If you've said you're going to 'sleep on it' in regards to a difficult decision, you know it became a cliche' for a reason - it often works. Swiss scientists have discovered that sleep can have lasting consequences on brain function by stimulating new brain connections that strengthen the learning processes and directly influence our actions.

Speaking at the Forum of European Neuroscience, Dr. Sophie Schwartz from the University of Geneva explained that any new experience is encoded in memory, but memory traces can later be forgotten or become more stable and permanent. Among the numerous factors that can affect the fate of memory traces, sleep seems to play a critical role.

Dr Schwartz used brain scans to identify regional changes in brain activation in healthy humans who were given new visual stimuli - for example, seeing an unknown face - or tasks, such as maintaining the position of a joystick as close as possible to a moving dot on a computer screen. These people were then allowed to sleep normally or not. (A whole night of normal sleep was compared to whole night of sleep deprivation, naps vs no nap, eight hours night sleep compared to eight hour day wakefulness.)

It has long been thought that that a night's sleep clarifies our thinking, but Dr Schwartz' research has shown a re-organisation within brain cell connections that will subsequently affect behaviour and decisions.

"Our results revealed that a period of sleep following a new experience can consolidate and improve subsequent effects of learning from the experience. This improvement comes from changes in brain activity in specific regions that code for relevant features of the learned material."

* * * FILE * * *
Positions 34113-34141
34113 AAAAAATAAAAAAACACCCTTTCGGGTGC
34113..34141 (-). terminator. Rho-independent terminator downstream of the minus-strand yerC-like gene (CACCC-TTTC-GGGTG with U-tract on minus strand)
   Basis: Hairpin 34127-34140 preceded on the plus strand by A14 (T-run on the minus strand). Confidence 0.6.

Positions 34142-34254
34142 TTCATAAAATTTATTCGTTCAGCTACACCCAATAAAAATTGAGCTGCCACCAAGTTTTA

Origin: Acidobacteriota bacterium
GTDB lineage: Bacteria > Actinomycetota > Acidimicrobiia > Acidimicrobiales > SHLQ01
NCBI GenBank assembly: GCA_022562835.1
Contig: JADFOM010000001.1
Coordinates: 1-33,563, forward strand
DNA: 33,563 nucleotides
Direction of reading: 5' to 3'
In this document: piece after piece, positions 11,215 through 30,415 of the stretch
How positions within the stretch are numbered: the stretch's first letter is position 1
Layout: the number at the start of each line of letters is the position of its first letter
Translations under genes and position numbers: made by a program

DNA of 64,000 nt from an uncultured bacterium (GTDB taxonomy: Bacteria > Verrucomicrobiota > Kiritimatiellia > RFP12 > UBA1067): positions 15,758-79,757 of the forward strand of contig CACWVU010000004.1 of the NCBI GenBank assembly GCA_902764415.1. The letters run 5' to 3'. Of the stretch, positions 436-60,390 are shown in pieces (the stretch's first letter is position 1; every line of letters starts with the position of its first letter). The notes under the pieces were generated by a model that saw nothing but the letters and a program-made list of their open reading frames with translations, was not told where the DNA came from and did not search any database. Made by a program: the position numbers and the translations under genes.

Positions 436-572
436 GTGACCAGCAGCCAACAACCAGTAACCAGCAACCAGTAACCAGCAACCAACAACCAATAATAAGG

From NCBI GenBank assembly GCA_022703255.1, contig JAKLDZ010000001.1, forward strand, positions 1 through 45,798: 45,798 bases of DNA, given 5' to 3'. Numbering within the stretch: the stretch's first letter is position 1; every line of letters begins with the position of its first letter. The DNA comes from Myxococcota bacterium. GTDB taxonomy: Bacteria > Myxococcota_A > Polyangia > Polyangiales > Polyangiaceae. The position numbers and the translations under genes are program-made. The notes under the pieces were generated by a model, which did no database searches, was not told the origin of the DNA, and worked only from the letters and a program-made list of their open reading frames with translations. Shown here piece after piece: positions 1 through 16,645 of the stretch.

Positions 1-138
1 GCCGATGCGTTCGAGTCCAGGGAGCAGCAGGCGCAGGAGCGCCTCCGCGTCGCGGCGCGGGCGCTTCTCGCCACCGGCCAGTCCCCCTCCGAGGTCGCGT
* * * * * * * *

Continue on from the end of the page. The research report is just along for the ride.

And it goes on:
Learning and memory consolidation transforms a weak into a more permanent memory; for example, a better memory for a recently learned lists of words, or better performance on a motor task, such as riding a bike or juggling.

Therefore, a role of sleep in strengthening learning-related changes in the adult human brain helps fine-tune the pathways in the nervous system that govern our actions when we are awake. However, the specific period of sleep and how long sleep should last to benefit cognition is still unknown.

"Everybody sleeps! But some people sleep less than the average population, others have an abnormal sleep structure, and some drugs may change the duration of specific sleep stages We also need to better study the impact of sleep on brain development in children," she said.

Using a brain imaging approach, it will now be possible to assess the neuronal impact of sleep disturbances in patients with insomnia, apnea syndrome, depression or narcolepsy.

Looking ahead, she said, "We now want to know which brain circuits are involved in these learning effects during the night and if we can experimentally enhance such effects. We want to assess how sleep disorders affect emotional and cognitive functioning; and what are the biological factors responsible for these effects."